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10 Opossums Facts

Last Reviewed and Updated on July 20, 2022

Opossums or possums are one of the coolest animals living in North America; their ability to play dead gives them quite a reputation. Learn some of the most amazing facts about opossums, from how their “playing possum” works to the unusual number of their teats.

1. They have a high number of teeth for a mammal

The number of teeth in different species varies, from having none at all to having between 20 to 40 on average. Opossums have 50 teeth which put them on the high end of the scale when it comes to the number of teeth as far as mammals go.

2. Like kangaroos, female opossums have a pouch

Opossums, kangaroos, wombats, and a number of other species are marsupials. One of the main characteristics of marsupials is the pouch that is present in the female members all of the marsupial species.

3. They instinctively play dead (“playing possum”)

What might be one of the more shocking facts about opossums is their signature behavior isn’t done by choice. Playing dead (or playing possum) is something opossums are most known for. When they are threatened or are being harmed, they will play dead. This behavior isn’t voluntary; it’s instinctively triggered. They don’t exactly “play” dead but actually lose consciousness.

They usually regain consciousness after several minutes, but it might also take hours.

4. When they play dead, they stink

They go all in with their “playing possum.” Their body becomes stiff, their lips are drawn back, and teeth are bared. Saliva foams up around their mouth. And just for that extra touch, a foul-smelling fluid is secreted from their anal glands. The scent is described as that of a decaying corpse.

5. Opossums have handy tails

Some species use their tails as a fifth limb when climbing. Juvenile opossums also commonly use their tails to dangle from the trees.

More interestingly, the tail is sometimes used to carry materials for building nests.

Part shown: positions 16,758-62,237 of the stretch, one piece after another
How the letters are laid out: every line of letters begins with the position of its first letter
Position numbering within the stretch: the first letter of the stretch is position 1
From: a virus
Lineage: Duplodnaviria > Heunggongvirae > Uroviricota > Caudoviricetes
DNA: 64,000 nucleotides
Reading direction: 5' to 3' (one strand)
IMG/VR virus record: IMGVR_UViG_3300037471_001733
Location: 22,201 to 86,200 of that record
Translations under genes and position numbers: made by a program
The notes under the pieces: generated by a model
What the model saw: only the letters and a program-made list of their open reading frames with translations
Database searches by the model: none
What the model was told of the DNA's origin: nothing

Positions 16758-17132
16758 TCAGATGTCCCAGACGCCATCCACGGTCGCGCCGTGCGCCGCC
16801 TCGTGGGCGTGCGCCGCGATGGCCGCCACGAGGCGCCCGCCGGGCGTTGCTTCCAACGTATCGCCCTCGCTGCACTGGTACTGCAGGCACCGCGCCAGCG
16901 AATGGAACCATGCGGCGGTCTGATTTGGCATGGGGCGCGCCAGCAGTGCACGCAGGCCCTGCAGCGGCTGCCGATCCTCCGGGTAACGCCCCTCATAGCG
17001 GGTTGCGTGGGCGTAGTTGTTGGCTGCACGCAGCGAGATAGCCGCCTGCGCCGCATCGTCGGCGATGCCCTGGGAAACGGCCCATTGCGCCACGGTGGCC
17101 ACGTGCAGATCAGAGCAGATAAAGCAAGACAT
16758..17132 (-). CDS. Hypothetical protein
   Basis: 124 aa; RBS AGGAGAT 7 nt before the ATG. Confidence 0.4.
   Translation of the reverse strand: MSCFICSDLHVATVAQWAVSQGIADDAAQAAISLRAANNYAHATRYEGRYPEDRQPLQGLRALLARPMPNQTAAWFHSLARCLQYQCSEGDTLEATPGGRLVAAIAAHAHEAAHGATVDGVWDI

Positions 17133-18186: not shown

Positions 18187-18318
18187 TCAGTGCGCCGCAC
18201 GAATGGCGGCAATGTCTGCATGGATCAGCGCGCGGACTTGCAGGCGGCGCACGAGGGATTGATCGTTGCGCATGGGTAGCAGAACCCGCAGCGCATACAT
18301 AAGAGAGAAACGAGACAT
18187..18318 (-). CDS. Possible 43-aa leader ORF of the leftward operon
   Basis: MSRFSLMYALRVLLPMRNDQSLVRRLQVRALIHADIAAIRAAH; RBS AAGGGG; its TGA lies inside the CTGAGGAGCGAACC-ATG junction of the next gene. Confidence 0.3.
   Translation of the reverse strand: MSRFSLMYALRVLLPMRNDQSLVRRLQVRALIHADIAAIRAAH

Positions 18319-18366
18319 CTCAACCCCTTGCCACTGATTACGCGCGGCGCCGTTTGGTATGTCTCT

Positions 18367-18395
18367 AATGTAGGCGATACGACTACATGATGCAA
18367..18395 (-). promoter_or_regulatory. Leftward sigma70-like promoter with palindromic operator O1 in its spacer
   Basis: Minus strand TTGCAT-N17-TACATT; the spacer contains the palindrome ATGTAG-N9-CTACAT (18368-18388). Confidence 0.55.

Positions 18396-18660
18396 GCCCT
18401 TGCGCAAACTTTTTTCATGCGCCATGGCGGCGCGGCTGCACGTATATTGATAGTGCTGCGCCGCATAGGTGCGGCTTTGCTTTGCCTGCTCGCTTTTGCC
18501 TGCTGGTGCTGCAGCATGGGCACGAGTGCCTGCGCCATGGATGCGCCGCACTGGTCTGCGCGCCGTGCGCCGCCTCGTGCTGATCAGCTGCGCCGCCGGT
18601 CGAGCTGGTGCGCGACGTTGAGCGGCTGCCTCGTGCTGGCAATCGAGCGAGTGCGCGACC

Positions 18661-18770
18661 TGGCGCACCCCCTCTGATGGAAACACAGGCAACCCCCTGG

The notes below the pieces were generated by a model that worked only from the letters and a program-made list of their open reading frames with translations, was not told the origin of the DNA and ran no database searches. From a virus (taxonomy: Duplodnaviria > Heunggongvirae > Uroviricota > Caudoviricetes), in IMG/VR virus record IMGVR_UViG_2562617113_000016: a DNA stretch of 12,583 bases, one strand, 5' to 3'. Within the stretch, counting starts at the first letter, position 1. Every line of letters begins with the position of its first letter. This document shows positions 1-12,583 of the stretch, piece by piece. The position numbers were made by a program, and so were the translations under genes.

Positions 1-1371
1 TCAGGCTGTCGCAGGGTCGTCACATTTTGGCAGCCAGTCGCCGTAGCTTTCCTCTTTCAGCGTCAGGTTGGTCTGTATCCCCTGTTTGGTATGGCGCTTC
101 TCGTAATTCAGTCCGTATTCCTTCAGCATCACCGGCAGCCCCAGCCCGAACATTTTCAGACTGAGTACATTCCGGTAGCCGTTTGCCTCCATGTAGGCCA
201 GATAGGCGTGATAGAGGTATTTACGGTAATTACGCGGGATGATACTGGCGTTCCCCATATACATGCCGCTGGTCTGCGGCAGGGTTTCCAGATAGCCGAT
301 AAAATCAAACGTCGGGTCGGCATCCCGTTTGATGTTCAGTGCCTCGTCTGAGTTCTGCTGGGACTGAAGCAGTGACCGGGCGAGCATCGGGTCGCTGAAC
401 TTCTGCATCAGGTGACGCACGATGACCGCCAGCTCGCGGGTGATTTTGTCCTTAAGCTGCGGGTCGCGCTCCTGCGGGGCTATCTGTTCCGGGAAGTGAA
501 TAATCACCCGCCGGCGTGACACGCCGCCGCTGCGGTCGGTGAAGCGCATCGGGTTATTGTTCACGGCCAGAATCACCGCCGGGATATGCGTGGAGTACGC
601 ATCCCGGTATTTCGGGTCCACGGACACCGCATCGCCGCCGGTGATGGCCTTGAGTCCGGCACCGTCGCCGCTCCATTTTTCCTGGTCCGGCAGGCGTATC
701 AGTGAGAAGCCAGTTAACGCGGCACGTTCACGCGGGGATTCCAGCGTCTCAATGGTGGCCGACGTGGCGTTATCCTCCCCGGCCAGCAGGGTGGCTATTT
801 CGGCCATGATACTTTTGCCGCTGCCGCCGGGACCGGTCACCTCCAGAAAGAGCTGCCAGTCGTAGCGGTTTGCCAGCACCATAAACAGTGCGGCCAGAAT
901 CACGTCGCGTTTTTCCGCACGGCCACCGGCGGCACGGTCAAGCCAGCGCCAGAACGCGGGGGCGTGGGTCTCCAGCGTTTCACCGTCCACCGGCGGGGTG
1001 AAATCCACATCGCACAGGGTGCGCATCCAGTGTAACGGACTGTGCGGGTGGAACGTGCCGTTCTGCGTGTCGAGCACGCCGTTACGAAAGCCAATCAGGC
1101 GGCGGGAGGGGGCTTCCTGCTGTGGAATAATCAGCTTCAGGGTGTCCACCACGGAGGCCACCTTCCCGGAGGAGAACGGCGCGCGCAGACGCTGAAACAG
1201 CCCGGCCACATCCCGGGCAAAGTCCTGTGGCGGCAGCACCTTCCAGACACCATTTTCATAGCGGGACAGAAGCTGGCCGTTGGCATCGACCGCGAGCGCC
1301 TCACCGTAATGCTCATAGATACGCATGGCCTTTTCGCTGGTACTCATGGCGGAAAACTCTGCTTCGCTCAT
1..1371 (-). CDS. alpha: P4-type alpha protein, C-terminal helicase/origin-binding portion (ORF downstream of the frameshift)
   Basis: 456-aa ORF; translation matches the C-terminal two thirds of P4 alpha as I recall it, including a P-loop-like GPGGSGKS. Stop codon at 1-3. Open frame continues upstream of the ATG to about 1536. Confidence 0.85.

6. Many large opossum species are immune to rattlesnake and pit viper venom

Some large opossum species (Didelphin opossums) are immune to venom from rattlesnakes and pit vipers. These snakes are often preyed upon by opossums. They produce a specific peptide that allows them to neutralize the venom of some snakes.

7. Males have larger teeth than females

There are a few notable differences between the male and the female. Males are usually larger than females. They are also heavier and have larger canine teeth than females do.

8. They usually have 13 nipples

Some species have even more; in fact, the female shrewish short-tailed opossum has 27. What is most surprising about these numbers is that they are odd numbers. They may be the only animal with a naturally occurring odd number of nipples.

9. Water opossum is the only semi-aquatic marsupial

These animals have adapted to living near and in water. It lives near freshwater streams and lakes. They become active after dusk when they go out and swim in search of fish, crabs, and other animals, which they then eat on the bank.

They have water-repellent fur and webbed feet, which make them better swimmers.

10. Both female and male water opossums have a pouch

Last on this list of facts about opossums is a truly interesting and unique one. Water opossums have another unique characteristic. Both males and females of the species have a pouch. In all other known living marsupial species, it is just the female that has the pouch.

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